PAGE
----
When purchasing a property off-plan or under construction an obvious risk is added to the transaction, i.e. that for some reason the property is not started or once commenced is not delivered on the agreed date.
In order to protect the prospective purchaser of any of these eventualities the Lawyer should demand a bank bond or an insurance cover from the developer.
Whereby any amounts handed over by the purchaser plus interest shall be returned to him should the property not be started on a certain date or same is not completed on the agreed date.
In these cases the buyer can rescind the contract and execute the Bank Bond or Insurance Cover in order to obtain his money back plus interest.
The specifications and plans of the property must be agreed and attached to the contract.
If the property is within a Complex, another plan of the Common elements where the gardens and pool must be shown should be attached to the contract.
On the agreed completion date the Title Deeds or Escritura is executed by the parties before a Notary Public and the Title is vested in the name of the Purchaser.
On completion possession is given to the Purchaser and the signing of the Title Deeds in Spain equates delivery of the property to the Purchaser unless otherwise agreed.
In normal conditions the final payment is effected by the Purchaser upon completion before the Notary.
The Tax Fraud Prevention Act creates new obligations when it comes to property transactions. In order for the Land Registry to register a transaction, the Title Deed must include the Fiscal Identification Number (NIF or NIE in case of non-residents) and the means of payment for the purchase price.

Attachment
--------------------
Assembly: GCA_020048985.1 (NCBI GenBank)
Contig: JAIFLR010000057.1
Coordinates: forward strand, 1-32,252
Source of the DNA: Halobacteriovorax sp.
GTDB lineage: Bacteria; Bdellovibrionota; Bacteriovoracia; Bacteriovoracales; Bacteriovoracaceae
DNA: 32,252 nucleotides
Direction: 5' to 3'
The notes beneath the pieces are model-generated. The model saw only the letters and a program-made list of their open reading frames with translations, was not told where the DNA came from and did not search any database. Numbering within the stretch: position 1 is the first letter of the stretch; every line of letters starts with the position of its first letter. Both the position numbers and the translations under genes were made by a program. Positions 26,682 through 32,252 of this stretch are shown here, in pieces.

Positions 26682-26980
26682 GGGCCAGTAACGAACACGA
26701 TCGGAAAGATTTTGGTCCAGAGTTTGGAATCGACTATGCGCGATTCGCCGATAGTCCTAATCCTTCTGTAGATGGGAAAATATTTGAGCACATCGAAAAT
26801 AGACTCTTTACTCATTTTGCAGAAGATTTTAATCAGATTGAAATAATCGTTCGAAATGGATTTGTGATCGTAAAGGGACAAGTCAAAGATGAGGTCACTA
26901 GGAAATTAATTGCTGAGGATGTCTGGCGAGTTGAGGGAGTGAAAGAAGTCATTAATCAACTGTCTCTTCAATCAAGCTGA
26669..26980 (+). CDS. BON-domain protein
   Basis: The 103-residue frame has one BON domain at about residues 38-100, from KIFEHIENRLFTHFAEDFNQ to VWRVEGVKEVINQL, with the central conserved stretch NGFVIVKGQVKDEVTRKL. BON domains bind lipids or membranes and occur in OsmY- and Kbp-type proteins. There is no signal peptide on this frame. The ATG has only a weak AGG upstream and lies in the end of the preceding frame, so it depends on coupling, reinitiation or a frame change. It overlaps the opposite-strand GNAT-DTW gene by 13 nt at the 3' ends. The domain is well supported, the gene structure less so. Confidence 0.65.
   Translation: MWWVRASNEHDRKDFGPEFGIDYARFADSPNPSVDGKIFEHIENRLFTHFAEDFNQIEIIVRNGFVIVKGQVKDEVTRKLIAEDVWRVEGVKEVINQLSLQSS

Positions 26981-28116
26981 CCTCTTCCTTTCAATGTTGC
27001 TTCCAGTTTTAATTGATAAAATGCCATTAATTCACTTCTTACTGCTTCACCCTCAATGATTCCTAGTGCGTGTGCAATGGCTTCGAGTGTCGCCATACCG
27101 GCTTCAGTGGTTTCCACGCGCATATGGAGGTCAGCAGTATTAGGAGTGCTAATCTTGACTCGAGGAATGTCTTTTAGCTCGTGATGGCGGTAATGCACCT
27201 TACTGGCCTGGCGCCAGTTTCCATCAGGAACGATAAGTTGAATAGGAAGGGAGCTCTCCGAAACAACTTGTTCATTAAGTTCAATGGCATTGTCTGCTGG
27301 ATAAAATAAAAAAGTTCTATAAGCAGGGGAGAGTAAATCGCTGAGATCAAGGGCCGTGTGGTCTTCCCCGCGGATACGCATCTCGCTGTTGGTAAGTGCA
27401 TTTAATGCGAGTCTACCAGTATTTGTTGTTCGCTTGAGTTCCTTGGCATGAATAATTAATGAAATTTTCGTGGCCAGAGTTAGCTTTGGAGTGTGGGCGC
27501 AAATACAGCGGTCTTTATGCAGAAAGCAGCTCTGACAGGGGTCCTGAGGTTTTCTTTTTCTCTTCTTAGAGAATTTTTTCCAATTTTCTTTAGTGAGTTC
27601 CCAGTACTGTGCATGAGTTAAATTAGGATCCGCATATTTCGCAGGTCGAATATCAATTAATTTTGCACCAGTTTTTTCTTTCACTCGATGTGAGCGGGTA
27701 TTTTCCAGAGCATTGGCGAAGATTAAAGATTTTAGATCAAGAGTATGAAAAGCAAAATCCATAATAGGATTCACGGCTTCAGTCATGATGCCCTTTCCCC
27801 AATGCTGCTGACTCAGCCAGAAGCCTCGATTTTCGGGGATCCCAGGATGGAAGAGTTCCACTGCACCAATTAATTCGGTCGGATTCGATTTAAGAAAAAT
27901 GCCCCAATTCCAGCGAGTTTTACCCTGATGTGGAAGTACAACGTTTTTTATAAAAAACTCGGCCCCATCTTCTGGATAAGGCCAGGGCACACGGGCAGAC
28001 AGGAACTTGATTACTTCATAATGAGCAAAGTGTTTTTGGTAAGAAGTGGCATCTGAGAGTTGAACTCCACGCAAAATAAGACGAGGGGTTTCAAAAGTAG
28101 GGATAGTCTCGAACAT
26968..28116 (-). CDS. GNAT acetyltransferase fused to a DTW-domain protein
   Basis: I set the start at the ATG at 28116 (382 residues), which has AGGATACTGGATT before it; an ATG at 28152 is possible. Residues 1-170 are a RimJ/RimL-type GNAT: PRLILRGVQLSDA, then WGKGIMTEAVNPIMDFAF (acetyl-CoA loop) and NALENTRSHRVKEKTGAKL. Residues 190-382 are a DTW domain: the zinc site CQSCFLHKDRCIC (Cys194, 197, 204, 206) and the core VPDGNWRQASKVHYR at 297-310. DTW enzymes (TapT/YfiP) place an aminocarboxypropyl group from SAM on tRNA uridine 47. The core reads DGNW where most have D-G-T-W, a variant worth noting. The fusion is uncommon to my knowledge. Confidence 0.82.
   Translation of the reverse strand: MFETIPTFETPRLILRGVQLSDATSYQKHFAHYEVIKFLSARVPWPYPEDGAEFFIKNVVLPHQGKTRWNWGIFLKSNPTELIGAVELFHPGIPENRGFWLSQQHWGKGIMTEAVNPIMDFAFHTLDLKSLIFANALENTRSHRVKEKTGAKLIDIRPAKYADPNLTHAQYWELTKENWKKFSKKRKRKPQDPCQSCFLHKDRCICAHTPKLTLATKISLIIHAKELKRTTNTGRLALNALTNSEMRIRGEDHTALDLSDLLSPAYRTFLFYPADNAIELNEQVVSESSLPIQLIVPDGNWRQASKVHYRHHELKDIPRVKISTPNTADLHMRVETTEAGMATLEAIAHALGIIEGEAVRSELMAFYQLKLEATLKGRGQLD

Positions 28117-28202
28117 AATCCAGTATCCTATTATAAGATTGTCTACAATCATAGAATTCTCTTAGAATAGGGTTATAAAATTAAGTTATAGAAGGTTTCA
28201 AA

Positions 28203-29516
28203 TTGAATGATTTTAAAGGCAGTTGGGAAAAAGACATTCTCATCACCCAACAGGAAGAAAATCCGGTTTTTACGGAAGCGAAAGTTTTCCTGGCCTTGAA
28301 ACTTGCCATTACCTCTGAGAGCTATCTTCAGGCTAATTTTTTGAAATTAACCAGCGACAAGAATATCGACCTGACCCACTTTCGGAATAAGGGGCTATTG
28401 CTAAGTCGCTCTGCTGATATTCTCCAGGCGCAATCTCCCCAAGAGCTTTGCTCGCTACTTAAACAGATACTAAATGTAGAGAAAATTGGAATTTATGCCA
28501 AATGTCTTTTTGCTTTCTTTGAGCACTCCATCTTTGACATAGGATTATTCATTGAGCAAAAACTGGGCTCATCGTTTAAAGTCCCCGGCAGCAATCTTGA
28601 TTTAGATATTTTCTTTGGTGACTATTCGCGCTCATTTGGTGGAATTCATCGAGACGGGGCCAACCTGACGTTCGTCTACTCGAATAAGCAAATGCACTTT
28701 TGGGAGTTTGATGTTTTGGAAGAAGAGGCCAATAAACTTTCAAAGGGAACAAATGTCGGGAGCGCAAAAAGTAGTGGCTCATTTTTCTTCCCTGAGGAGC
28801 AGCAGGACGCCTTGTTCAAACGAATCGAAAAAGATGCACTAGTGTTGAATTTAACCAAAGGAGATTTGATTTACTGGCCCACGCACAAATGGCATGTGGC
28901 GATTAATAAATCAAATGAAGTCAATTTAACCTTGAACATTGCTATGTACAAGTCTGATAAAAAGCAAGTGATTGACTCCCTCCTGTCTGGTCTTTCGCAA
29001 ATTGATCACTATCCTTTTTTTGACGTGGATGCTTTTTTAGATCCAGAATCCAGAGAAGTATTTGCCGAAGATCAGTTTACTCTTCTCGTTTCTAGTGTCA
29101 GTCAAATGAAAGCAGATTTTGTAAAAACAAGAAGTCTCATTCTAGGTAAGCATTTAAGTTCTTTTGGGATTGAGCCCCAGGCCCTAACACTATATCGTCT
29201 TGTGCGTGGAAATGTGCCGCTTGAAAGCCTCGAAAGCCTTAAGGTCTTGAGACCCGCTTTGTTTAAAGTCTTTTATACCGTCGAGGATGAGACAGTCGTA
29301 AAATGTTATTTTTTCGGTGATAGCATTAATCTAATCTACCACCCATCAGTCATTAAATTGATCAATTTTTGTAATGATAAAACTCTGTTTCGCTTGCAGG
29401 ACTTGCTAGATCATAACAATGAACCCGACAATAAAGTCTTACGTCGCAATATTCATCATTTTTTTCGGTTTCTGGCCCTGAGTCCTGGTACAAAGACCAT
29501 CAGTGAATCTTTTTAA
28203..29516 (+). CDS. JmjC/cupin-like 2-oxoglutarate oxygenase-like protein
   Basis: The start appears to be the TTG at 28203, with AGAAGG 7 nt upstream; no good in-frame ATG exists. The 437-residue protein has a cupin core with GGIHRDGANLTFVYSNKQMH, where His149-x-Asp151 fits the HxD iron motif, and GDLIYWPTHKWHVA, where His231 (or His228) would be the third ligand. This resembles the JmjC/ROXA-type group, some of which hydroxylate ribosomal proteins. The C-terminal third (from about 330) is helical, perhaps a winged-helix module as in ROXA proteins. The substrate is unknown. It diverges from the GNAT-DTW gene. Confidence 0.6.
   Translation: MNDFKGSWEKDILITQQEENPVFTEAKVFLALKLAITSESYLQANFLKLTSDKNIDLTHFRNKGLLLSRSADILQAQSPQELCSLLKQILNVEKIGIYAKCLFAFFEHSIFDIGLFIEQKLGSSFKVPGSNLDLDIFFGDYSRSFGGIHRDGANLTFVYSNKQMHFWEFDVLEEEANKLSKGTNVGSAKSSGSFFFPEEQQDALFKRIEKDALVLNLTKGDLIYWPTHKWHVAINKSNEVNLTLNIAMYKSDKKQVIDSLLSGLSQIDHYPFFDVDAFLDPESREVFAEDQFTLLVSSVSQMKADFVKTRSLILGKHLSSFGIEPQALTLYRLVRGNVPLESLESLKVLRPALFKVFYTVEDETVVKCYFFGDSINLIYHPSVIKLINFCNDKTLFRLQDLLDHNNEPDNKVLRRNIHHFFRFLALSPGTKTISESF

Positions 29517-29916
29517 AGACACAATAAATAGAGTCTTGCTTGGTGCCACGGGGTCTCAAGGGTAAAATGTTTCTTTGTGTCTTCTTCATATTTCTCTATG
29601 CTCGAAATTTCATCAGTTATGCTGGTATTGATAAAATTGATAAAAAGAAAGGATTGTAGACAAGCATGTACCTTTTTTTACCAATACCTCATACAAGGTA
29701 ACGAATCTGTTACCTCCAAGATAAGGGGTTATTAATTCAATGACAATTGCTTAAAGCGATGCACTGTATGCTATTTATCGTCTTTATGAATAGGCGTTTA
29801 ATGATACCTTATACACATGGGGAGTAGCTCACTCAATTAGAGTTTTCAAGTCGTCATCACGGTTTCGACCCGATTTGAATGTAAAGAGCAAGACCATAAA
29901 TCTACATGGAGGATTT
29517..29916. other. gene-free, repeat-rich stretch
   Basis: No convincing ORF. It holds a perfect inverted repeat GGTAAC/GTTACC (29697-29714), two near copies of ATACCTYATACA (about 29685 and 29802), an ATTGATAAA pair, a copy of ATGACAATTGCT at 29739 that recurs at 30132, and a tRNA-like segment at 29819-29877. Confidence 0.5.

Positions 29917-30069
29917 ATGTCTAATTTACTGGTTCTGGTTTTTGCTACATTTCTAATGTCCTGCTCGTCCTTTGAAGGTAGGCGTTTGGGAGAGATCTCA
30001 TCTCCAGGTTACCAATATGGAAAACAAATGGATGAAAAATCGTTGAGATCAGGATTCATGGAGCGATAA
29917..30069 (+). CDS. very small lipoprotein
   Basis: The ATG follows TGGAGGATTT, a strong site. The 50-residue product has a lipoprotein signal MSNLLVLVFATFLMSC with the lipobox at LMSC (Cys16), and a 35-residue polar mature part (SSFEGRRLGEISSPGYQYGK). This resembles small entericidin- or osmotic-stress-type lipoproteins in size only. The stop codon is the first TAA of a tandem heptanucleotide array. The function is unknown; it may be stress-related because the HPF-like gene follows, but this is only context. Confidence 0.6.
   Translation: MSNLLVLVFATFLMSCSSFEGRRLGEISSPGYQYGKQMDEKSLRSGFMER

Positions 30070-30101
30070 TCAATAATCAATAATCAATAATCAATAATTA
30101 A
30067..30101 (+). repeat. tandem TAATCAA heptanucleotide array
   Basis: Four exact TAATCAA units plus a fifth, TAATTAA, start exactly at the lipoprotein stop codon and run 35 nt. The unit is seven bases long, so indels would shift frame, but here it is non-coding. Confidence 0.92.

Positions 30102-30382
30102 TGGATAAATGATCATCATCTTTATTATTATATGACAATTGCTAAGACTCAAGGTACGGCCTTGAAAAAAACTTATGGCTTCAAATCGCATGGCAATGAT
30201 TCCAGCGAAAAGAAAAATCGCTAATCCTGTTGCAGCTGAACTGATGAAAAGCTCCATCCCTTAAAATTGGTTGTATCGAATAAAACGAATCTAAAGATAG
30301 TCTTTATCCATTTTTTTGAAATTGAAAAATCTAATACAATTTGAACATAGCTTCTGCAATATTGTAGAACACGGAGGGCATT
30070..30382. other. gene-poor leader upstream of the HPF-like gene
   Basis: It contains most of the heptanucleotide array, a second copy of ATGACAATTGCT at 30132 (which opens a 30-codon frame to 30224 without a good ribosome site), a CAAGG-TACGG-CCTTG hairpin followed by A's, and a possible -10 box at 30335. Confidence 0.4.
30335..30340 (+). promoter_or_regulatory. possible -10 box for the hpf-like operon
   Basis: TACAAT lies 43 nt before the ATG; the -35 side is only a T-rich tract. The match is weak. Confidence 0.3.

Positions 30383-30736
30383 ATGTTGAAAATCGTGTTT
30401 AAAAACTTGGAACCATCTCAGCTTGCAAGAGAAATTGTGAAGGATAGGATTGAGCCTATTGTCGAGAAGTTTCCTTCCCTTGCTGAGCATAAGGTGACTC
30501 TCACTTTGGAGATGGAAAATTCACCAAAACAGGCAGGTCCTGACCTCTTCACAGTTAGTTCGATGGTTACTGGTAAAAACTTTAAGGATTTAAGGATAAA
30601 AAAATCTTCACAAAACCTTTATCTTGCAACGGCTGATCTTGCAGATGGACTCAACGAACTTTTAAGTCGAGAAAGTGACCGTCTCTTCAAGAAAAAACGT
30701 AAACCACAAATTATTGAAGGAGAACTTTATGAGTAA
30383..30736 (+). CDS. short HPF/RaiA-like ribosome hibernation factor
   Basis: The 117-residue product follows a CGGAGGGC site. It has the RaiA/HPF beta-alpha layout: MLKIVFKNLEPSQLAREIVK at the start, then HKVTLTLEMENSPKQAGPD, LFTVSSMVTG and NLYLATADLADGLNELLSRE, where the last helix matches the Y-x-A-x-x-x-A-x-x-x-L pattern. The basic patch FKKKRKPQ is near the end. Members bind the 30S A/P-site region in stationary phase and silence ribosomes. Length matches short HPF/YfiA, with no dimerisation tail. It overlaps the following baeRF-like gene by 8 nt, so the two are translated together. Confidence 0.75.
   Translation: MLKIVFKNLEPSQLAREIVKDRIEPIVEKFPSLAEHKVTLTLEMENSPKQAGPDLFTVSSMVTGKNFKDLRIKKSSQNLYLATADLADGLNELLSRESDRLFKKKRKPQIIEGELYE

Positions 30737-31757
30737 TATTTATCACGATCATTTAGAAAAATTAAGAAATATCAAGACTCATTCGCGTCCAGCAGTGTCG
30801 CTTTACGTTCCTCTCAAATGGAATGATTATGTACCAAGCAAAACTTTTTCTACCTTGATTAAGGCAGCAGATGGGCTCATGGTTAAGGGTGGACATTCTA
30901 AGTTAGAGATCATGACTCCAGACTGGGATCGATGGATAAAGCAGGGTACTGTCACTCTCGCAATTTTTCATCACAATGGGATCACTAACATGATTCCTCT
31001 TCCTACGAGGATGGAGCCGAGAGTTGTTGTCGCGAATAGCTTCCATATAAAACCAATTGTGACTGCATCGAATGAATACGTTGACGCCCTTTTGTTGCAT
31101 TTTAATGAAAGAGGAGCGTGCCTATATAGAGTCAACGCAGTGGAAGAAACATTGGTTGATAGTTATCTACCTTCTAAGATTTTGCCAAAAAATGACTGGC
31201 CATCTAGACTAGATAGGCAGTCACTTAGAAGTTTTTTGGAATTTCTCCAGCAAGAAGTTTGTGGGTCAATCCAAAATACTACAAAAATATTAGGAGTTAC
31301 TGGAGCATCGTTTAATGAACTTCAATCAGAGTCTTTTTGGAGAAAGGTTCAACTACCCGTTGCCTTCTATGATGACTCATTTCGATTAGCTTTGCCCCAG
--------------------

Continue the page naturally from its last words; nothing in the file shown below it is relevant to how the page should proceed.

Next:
If the vendor is a nonresident the law provides for the obligation of the Purchaser to withhold 3% of the purchase consideration to be paid to the Tax Office as a payment on account of the vendor’s Capital Gains Tax liability as result from the sale.
If this retention of funds is not made and paid, the Property conveyed will be affected to the payment of the Capital Gains Tax. This debt will be shown in the Land Registry Books.
The Vendor must produce a Capital Gains Tax Assessment within the next four months from Completion and the said 3% will either be deducted from any Tax to be paid or partially or totally refunded if the amount withheld exceeds the Capital Gain Tax to be paid.
Upon completion the Lawyer must check that all the outgoing expenses on the property are paid up to date and make the corresponding apportion with the Vendor´s Lawyer to this effect.
The Original Title Deed of Purchase will remain in perpetuity at the attesting Notary´s Office who will issue an authorised Copy of the Title Deeds which is the working copy which must be processed by the Purchaser for the payment of the taxes involved and the Registration in the local Land Registry. Payment of the taxes should take place within 30 days of completion and surcharges are applicable there from.
The costs involved in the acquisition of a property in Spain are different if the property is bought from a developer as off plan or as a resale property.
In summary the Purchaser has to allow for an additional 12% to 13% of the Purchase consideration to meet the transfer costs involved in the transaction.
For those who purchase property in Spain is strongly advisable to execute a Spanish Will.
Click here to read more about a Spanish Will